24 February 2008

Sunday Morning Coming Down

Sometimes the morning run is perfect.

I awoke early this morning, as I usually do. The dreams were not fitful but rich, not disturbing but revealing. As good dreams must be. I made coffee for myself, and while I read meaningfully, drank it joyfully. Then I dressed for the run.

The weather has changed dramatically these last two days. Which is to say that from sub-zero weather, the temperature has risen to thirty degrees. It feels like Spring, and younger people (alas, much younger people) don their shorts. We saw one man running in his tank top! But me, I put on my three magic fabric shirts, running tights, neck warmer, two pairs of gloves, a hat and a wind breaker, also of magic fabric. And my iPod.

Of course, the air was magnificent, which is to say, not freezing. And the sound track I had prepared was perfect. I ran strong, and whatever occurred in the night in my dreams, spurred me on in my run and my thoughts. And in the background McMurtry, “On the Outskirts,” and Dylan, “Wherever the children go, I’ll follow them,” and the Grateful Dead, “The grass ain’t greener, the wine ain’t sweeter, either side of the hill.” Today was one of those days when, as Gary would say, “I think I could run a marathon.” I felt very strong, though not that strong.

No mind: sometimes a good morning run ensures the day.

19 February 2008

Primary Running Colors

Tonight I will listen to the primary returns from Wisconsin. I live and vote in Wisconsin. I voted in the primary election early this morning. It was very, very cold. I worry about the continuing cold in the political climate of the United States.

I have been voting since 1968. That year I voted for Hubert Humphrey. He did not win. In 1972, I voted for George McGovern. He did not win. I think that year I also voted for Charles Goodell for Senator of New York. He lost to James Buckley. In 1976, I finally elected someone, albeit, it was, alas, Jimmy Carter. Twice, I voted for Bill Clinton. I cried when Paul Wellstone perished in a plane crash, and suspected the Republicans. I cried when Minnesota elected Norm Coleman who stands for nothing but Norm Coleman over Walter Mondale. I could not comprehend that a state that was poised to vote for Wellstone would opt for Coleman. In forty years of voting, I can account for 12 years, and the rest is nightmare. These past eight years, especially, have been particularly difficult, as I live under a haughty, self-serving and horrifyingly stupid regime. I mean, we have a President who advertises his ‘Cs’ in school, a Vice President who shoots before he speaks, and a Supreme Court which reminds me of nothing less than a Star Chamber. I know, I know, I exaggerate, but not a great deal. I can think of few people I know who are more safe, more financially comfortable, more secure in their futures as a result of the work of the Bush administration. On the contrary, everyone that I know suffers more now than when they took over. I am reading Reading Lolita in Teheran, and I am appalled how the fear and horror of the Ayatollah and his repressive regime parallels my own fears and horrors under the Bush administration.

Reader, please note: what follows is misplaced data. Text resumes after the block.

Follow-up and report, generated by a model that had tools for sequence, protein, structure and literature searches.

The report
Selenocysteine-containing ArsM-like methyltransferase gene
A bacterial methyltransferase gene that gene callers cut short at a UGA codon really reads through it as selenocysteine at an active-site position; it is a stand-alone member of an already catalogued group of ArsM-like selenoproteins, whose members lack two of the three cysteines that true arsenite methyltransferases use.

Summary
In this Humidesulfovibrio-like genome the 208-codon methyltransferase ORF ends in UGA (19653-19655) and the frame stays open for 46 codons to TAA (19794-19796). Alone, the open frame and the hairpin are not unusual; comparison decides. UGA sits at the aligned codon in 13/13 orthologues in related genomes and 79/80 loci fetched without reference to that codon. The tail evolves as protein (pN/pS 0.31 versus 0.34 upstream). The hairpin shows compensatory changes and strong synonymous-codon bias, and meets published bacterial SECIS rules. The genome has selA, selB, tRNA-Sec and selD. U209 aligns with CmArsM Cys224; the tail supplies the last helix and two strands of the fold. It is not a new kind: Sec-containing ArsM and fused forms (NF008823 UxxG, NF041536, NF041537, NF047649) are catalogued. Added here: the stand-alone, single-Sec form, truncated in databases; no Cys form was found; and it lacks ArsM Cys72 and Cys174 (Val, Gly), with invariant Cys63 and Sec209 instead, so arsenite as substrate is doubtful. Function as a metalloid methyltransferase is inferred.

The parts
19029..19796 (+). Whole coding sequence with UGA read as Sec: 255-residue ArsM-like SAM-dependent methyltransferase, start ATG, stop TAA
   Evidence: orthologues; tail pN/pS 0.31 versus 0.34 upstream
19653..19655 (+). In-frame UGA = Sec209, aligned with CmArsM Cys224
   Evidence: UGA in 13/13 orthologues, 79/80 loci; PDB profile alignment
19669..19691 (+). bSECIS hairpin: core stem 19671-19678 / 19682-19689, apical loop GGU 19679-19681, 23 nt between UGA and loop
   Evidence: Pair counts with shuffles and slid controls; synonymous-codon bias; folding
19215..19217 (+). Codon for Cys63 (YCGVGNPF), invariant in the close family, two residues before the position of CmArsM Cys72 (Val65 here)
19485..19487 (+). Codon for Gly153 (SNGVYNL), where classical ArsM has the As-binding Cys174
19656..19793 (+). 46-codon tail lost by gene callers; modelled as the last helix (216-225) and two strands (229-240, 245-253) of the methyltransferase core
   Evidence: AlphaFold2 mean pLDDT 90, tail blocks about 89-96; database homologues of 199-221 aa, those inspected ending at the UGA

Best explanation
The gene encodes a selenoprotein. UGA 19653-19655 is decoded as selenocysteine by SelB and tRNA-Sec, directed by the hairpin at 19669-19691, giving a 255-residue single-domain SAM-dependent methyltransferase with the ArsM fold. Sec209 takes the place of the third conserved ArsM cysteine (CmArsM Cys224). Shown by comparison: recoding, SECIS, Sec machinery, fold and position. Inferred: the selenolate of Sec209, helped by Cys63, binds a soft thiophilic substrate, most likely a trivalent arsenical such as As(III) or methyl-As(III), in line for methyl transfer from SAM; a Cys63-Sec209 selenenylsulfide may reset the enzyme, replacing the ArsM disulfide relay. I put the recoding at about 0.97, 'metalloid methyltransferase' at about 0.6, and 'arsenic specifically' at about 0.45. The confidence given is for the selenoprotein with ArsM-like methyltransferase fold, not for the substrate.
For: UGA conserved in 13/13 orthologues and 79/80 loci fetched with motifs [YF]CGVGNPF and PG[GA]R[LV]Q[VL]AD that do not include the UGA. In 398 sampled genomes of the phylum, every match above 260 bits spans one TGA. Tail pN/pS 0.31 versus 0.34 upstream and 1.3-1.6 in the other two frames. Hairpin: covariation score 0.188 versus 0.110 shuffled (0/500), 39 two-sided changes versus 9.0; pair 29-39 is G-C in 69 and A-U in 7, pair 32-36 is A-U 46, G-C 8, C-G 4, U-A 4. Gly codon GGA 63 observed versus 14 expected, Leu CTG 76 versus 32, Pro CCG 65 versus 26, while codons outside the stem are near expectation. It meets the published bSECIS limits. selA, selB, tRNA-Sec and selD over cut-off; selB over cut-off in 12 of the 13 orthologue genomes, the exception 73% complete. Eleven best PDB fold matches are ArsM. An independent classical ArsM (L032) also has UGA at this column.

I don’t know how I can tolerate another Republican victory. It is not just a matter of Tweedle Dum and Tweedle Dee; I think this is a matter of life and death. I have two children. The Republicans offer only destruction and death.

I heard those idiots debating in Minnesota. Everything about them denies everything I hold dear.

02 February 2008

2 February Cold Thoughts

Sometimes I wonder myself where I have been of late. My last posting seems a long time since, but actually is only two weeks past. Nevertheless, I can’t quite answer where it is I have been of late. Oh, certainly I have been in my home, in classrooms, even steadily with my on-line classes. I have been preparing a talk to be given at University North Caroline-Chapel Hill, and re-sending a book proposal the publisher. I’ve been reading teacher autobiographies. This is not a practice out of context: I teach autobiography as a teacher-education pedagogy, and so I assign autobiographies to read and offer strategies for reading them. Of late, I am interested in how teachers tell their story, and especially how they explain becoming a teacher.

I’ve been following the election carefully. Though I have great affection for Hillary, I think I have to vote for Barrack. And here is why: on the radio this week I heard the Republicans debating on Minnesota Public Radio. A question was posed to them concerning the Supreme Court, and both McCain and Romney said that they would appoint justices in the mold of Roberts, Alito, Scalia and Thomas. I became sick to my stomach.

I have to vote for Barrack, because I don’t think Hillary can win because the country is more misogynist than racist, and she is the focus for their hatreds. And I am terrified that the Republicans might win the election this November, and I don’t think I could stand that. It would be very bad for me, and a tragedy for my children. I would vote for the devil if s/he ran on the Democratic ticket. Without qualification.

So perhaps I know where I have been, but I haven’t really wanted to be found.

Nevertheless, we have another passenger for Shabbat mornings; it is my honor and my responsibility.